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Skyactiv-X: the internal combustion engine evolved

Mazda’s never been a company that follows trend. It doesn’t set them either but by doing things their way, they’ve managed to out-fox the entire automobile industry, or nearly.

Mazda SkyActiv-X

In order to reach their once lofty fuel efficiency goals, Mazda’s done the unthinkable: they’ve not relied on electrification, at least for now. They took the long road to efficiency be rethinking the internal combustion engine and extracting its maximum potential. While they’ve not yet reached that mark, they’ve ever been closer.

As the car company with the most fuel-efficient new car fleet for the last five years, Mazda’s clearly done something right. The majority of other car makers took a quicker route to increasing fuel economy: shrinking engine sizes, slapping on turbocharger, adding many more gears or taking them all out (CVT.) The result is tangible but no better than using a Band-Aid to heal a massive gash.

Mazda’s plan is to reduce 2010 emission levels by 50% by 2030 and by 90% by 2050. Although they will eventually achieve these goals via electrification, they’ll have optimized the Internal Combustion Engine (ICE) which will remain a key player in the equation for some years to come.

What have they done? It’s simple really, and really not that simple at the same time. For the next generation of their well-known and acclaimed series of SkyActiv technologies, they’ve revised chassis, suspension tuning, aerodynamics, NVH control and active safety systems on what will be their 7th generation of products.

The most significant upgrades are found with the engine itself and is referred to as SkyActiv-X. The direct explanation reads as follows: The SkyActiv-X engine combines both gasoline and diesel engine technologies for ideal fuel efficiency, power and performance. The compression ratio has risen, which increases torque. The engine features both HCCI (Homogeneous Charge Compression Ignition) and SPCCI (Spark Controlled Compression Ignition) in order to maintain a lean fuel mixture and keep operating conditions optimized. Essentially, it comes down to less fuel, equal or more power, better throttle response and all the driving pleasure we’ve come to expect from Mazda.

For those desiring a few more details, the reality is that there are many other factors that come into play. Mazda engineers have devised a way to keep combustion gases cooler, increase combustion speeds, all the while using a lean compression-ignition mixture (where there’s more oxygen than fuel) which kills the possibility of wasted fuel. The list of positive and negative scenarios is long but with spark control, they can control the combustion when and as needed. They’ve even created a slightly less lean area in the center of the chamber by swirling air into the combustion chamber and injecting a little more fuel in the eye of the swirl to provoke ignition. It’s all extremely interesting yet murderously complex.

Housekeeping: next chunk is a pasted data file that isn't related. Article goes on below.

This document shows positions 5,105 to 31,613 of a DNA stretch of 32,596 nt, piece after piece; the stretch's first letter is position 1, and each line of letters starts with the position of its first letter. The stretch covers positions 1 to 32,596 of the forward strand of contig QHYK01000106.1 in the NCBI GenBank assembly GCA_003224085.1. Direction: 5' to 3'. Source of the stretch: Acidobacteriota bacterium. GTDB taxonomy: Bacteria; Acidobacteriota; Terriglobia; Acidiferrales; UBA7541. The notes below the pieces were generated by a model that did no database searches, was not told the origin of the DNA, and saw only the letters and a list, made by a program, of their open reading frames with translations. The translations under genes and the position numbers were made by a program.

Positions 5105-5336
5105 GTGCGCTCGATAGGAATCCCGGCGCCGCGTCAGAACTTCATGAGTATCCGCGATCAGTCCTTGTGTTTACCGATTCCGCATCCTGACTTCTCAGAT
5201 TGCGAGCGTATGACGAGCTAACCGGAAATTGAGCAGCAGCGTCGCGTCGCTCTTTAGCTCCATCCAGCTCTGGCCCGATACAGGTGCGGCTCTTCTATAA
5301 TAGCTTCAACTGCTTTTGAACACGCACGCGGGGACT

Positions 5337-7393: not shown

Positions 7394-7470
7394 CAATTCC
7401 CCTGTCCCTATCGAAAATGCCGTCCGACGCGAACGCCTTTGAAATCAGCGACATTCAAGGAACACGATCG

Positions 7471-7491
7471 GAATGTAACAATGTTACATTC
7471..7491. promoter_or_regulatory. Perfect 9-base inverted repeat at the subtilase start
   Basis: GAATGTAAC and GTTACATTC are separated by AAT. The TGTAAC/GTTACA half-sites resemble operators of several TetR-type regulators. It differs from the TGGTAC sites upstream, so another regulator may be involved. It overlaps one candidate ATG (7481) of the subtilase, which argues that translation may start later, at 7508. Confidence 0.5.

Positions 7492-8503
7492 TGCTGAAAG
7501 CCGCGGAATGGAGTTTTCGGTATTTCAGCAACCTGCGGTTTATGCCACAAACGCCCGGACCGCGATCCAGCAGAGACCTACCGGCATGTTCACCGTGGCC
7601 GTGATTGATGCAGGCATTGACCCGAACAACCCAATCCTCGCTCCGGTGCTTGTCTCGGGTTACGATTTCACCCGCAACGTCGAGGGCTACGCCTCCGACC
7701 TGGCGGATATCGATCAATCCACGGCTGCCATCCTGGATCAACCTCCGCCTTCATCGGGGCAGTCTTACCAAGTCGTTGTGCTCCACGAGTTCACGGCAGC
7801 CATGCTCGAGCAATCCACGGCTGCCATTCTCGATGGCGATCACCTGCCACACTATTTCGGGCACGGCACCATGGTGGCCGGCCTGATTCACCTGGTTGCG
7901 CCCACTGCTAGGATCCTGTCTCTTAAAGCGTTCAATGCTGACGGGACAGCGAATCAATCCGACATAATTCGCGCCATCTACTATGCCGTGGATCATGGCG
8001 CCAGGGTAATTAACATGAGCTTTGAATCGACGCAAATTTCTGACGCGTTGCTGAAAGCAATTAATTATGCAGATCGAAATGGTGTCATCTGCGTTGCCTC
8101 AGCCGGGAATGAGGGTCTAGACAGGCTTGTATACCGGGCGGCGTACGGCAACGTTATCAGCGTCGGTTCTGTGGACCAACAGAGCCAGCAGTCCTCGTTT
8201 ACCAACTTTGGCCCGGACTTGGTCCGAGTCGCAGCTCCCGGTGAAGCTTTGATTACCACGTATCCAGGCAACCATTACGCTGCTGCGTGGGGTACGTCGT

We did get the opportunity to drive some test mules, or prototypes. These cars consisted in the next generation SkyActiv chassis with a current Mazda3 body on top. This platform featured the revised suspension mounting points, re-tuned bushings and more. It was difficult, on the very brief drive, to not solely concentrate on the powertrain.

In a nutshell, the 2.0-litre 4-cylinder engine failed to get me excited. Yes, the approximate 170 lb.-ft. of torque was lovely, at times, but this was marred by lag-y uneven throttle response especially with the manual transmission. I later found out that there were issues with these cars, so I won’t judge them too harshly.

The automatic-equipped prototypes fared far better. Throttle response was linear, as was power delivery. Perhaps I was expecting a torquier high-revving affair, in other words, more performance. Our drive did not provide us with any fuel consumption information although we were able to keep track of the engine’s various combustion modes. The automatic permitted “extra-lean” combustion to occur far more often than with the manual. As expected, it will provide better fuel consumption numbers over the manual.

The drive portion of the event was not conclusive enough for me to properly evaluate the driving experience. On paper however, the technology is immensely promising. The end results are an expected 30% bump in torque and a 20% improvement in fuel economy over the current SkyActiv-G engines.

Mazda’s once again demonstrated that they are an engineering company first and foremost, and that they still love to drive. I very much look forward to driving the final product.

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